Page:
*The sketch included is for the "left" table support arm. The right rail is it's mirror image. You'll note that there's no need to drill and tap the two 1/4-20 holes in the actual left table support arm... and in the actual grinder, you can omit them.
*The sketch included is for the left rail. The right rail is it's mirror image.
*There's a shallow recess at the ends of the table pivot shafts. This is to make it so that the clamping force of the screws is applied to the outside of the shaft, where it it can resist the highest torque. This is not precision machining, so feel free to try this with a large endmill in your mill, or with a Dremel, or whatever.
*You'll note that the corner of the rail is ground off. This is to prevent the table support arm from riding on the corner, rather than the flats, of the rails... the exact dimension is not important (three digits for irony).
*Lap the clamping surface of the angle lock hold-down. This makes it smoother, reducing the wear-and-tear to the angle indicating dial.
*For the angle dial, after laying out with a protractor and ruler, engrave it to make the markings. My sheet metal already had paint on it, so that came out really nice, but use whatever you have.
Step 3: Welding
Weld the table up as shown in the sketch. The pattern is designed for ease of welding, with the intended sequence of operations:
1) Placing angle iron hanging over the edge of your table, as if protecting the edge, place the pivot shafts on the table and lined up with the edge of the angle iron. Weld the posts on.
2) Flip that over, and put it on a short riser which is a bit narrower than the length of the table, or the corner of your table, and stitch on the 2"x0.125" piece of steel. Try to make the bottom surface of the two - which will form the top of the table, once you flip it over into the use orientation - continuous.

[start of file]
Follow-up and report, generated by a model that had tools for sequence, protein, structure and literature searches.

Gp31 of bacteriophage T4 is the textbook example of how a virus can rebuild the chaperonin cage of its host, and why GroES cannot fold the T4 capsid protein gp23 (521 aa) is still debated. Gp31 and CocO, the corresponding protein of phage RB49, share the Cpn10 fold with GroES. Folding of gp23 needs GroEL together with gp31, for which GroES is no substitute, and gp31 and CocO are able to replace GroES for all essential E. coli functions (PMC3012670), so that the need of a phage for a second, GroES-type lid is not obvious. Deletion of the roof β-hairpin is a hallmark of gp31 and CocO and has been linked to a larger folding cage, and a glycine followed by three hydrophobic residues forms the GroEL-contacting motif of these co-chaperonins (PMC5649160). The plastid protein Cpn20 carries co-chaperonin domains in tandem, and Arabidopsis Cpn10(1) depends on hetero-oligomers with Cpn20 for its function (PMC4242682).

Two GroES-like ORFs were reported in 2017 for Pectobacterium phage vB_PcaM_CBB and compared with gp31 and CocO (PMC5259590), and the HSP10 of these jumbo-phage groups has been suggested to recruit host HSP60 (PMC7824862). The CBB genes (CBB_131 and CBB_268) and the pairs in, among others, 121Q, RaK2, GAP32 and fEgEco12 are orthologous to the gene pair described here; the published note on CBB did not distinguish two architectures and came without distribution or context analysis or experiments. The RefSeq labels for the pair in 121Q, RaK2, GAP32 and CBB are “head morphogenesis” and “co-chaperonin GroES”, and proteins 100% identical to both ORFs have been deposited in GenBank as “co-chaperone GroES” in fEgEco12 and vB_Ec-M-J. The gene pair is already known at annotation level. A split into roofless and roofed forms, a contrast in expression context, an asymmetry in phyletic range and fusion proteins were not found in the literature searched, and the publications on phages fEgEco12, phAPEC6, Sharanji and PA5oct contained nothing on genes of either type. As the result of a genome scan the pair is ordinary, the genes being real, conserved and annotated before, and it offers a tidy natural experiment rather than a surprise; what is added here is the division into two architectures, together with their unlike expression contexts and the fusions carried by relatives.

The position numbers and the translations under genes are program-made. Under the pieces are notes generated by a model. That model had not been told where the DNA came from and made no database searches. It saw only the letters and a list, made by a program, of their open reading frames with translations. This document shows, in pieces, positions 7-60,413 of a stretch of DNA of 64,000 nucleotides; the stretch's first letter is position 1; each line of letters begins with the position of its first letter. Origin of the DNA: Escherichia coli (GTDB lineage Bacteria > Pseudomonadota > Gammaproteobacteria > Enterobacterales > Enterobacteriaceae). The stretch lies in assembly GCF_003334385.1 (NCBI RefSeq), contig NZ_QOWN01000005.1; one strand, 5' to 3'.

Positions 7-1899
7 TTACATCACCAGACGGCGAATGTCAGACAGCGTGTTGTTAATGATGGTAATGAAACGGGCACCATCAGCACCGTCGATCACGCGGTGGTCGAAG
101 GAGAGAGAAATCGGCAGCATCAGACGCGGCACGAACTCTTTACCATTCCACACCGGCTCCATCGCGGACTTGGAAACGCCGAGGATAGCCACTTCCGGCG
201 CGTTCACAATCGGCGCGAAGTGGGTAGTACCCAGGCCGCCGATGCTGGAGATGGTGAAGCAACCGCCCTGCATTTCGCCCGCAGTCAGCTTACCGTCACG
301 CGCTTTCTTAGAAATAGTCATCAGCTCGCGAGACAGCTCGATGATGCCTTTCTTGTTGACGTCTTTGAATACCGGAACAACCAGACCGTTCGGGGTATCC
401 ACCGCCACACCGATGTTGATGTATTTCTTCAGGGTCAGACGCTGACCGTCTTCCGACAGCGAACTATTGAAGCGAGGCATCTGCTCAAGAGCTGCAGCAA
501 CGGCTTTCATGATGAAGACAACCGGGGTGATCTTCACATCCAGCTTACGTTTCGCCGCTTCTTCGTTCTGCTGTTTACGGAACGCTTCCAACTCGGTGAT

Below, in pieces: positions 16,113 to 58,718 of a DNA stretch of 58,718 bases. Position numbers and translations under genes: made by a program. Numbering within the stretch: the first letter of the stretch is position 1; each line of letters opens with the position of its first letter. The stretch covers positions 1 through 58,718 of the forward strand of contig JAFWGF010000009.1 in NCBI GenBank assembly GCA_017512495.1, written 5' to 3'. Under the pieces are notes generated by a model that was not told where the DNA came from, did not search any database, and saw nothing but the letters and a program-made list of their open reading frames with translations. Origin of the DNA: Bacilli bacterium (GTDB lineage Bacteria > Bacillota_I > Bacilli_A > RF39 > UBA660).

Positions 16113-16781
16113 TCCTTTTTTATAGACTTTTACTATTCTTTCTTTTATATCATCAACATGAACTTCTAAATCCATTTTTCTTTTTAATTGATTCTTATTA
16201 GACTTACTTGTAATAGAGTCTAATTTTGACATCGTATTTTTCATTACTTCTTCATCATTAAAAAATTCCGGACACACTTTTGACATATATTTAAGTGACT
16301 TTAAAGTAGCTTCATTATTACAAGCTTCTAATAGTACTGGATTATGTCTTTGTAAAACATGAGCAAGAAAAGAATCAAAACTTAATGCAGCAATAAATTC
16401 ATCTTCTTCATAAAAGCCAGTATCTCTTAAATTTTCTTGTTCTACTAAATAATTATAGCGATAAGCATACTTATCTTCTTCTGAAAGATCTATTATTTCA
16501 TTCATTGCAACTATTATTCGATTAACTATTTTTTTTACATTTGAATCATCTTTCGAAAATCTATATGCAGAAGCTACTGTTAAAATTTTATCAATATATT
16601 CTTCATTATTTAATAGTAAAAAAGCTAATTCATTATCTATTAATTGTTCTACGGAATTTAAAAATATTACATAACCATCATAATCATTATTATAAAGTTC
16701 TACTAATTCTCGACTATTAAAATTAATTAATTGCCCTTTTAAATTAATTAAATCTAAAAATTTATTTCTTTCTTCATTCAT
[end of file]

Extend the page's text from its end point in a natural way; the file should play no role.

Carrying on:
Screw the short pieces of 1/4" threaded rod into the threaded holes in the right table support arm, back weld them, and grind the bearing surface (where you just backwelded) flat. If you have a TIG, go ahead and make that weld autogeneous. If you have a capacitive discharge stud welder.... you know what design changes to make, maybe: the placement of those studs should be within a couple hundredths to reduce play in the angle-locking mechanism.
Step 4: Base Assembly
Apply some wood glue to the end of the 2x4 upright and glue it to the 2x8 base. Keep it in place with a wood screw while the glue dries.
Once the glue dries, file off the outside edge of the uprights, so that the rails sit on them firmly.
Lining up the front surfaces of the rails with fronts of the uprights, trace through the threaded holes in the rails to mark their location. Drill shallow holes, perhaps 1/2" deep by 3/8" diameter, under where the holes were, to allow the thumbscrews to be put through those threaded holes.
Clean the rails up so that glue will stick, and glue them to the uprights with your favorite adhesive. I preheated the rails on the stove and used hot glue.
Hold the rails in place while the glue cools/dries/cures. If you clamp in the manner that I did, make sure that you clamp gently.
I then glued some squares of rubber conveyor belt material to the bottom of the base.
Step 5: Assembly & Self-grind & Zeroing
Assemble everything. The picture should make it pretty straight-forwards.
Note that, due to the depression in the end of the pivot shaft, the washer is required.
Once that's done, hold the table roughly level, and adjust the cross-feed so that it just touches the grinding wheel. Tighten the cross-feed thumbscrews, turn the grinder on, and slowly let the table down. A reasonable place to stop is at about 60 degrees - much more, and you'll start compromising the stiffness of the table quite a bit.
To zero, make a mark on the back of the upright at a height 0.125" below the center of the grinding wheel. Set the angle dial to 0 degrees and lock it in place. Set a ruler on the table, loosen the screw which holds the angle dial to the table pivot post, adjust the table position until the ruler lines up with the zeroing mark, and tighten the angle dial-pivot post screw.